Moreover, compression socks are a real help when you’re recovering from calf strains, sprained ankles, and other injuries. Injury recovery can be a difficult time for athletes in particular, with some ramping up their workouts too quickly when they’re enthusiastic to return to sport. This puts them at increased risk of picking up other injuries, e.g. Achilles tendonitis. Therefore, it’s a good idea to wear compression socks that can better support your ankles and calf muscles during this time, as a preventative act. 

Do Compression Socks Help Achilles Tendonitis Recovery?

To understand the role of compression in recovery from injury, we need to look at the fundamental elements of treatment: rest, ice, compression and elevation. Also known as the RICE method after each initial, this means:

  • Rest and protect the injured limb or area - including a complete break from effort or exercise;
  • Use ice on the injured area as soon as possible;
  • Wrap the injured area in bandage and/or compress with compression garments as soon as possible after injury;
  • Elevate or prop up the area or limb. 

By compressing a limb where an injury has taken place, you support the blood flow towards the muscle, which in turn, helps recovery. Moreover, compression helps stabilize the muscle and reduce vibration through it, which can lead to less fatigue (which is why wearing compression socks is great when running and exercising in general).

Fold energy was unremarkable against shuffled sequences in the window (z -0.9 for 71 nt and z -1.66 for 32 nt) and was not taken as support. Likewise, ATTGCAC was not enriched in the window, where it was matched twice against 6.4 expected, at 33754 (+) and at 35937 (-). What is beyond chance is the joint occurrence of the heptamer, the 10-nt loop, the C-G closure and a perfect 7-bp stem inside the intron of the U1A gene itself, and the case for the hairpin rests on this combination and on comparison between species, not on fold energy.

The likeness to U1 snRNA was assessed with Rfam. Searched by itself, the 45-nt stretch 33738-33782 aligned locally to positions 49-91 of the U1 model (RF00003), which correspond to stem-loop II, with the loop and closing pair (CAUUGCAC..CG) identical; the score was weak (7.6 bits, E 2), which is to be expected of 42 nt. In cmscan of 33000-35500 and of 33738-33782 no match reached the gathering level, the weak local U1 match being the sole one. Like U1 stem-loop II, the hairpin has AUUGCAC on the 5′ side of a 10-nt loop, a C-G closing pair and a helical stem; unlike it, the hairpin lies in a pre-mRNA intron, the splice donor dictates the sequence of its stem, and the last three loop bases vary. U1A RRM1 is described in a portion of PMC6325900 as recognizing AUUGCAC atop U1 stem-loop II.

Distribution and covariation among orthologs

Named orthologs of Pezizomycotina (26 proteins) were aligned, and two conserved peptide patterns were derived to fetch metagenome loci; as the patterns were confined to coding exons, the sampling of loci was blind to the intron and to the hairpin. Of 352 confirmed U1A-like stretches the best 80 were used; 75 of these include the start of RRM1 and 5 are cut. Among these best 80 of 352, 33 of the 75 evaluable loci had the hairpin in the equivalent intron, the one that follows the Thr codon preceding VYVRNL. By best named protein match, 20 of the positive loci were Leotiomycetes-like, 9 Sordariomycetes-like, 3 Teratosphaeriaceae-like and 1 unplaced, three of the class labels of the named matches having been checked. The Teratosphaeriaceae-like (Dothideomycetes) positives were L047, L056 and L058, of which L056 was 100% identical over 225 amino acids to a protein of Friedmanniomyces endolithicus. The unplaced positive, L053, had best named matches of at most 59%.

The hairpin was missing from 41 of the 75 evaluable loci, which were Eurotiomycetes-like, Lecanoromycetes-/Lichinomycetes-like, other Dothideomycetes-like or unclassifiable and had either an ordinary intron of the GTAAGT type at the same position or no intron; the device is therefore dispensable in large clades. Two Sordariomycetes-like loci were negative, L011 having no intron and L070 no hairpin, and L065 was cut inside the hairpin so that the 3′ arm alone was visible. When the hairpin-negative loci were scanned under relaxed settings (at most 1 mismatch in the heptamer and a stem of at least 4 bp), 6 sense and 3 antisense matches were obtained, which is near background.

In the case of Achilles tendonitis, wearing compression socks is one of the elements of treatment and recovery. However, a key part of understanding and improving your situation will be to investigate and address the root cause of the tendonitis. So, ask yourself if you could have caused the condition by overloading your training program, and what you can do to alleviate this in the future. It’s also important to incorporate some local muscle and tendon prevention elements, like stretches, strength exercises etc (see advice below).

The Science Behind Compression Socks for Achilles Tendonitis

The key benefit of compression socks is that they provide gentle, gradual pressure on the lower legs, ankles and feet, promoting blood flow in the area. Increased blood flow improves the transport of oxygen throughout the body, leading to better and quicker recovery from effort. It decreases your risk of developing blood clots and more serious problems like Deep Vein Thrombosis (DVT).

Moreover, using compression socks helps stabilize the muscles. This can be very beneficial for coming back from Achilles tendonitis, providing more support to the calf muscles and minimizing vibration in the area. However, it’s important to note that Achilles tendonitis develops more as a result of a pulling of the tendon, rather than an instability or vibrations around it, so there’s no direct correlation with wearing compression socks despite their benefits. 

woman wearing knee high sylish compression socks

How to Choose the Best Compression Socks for Achilles Tendonitis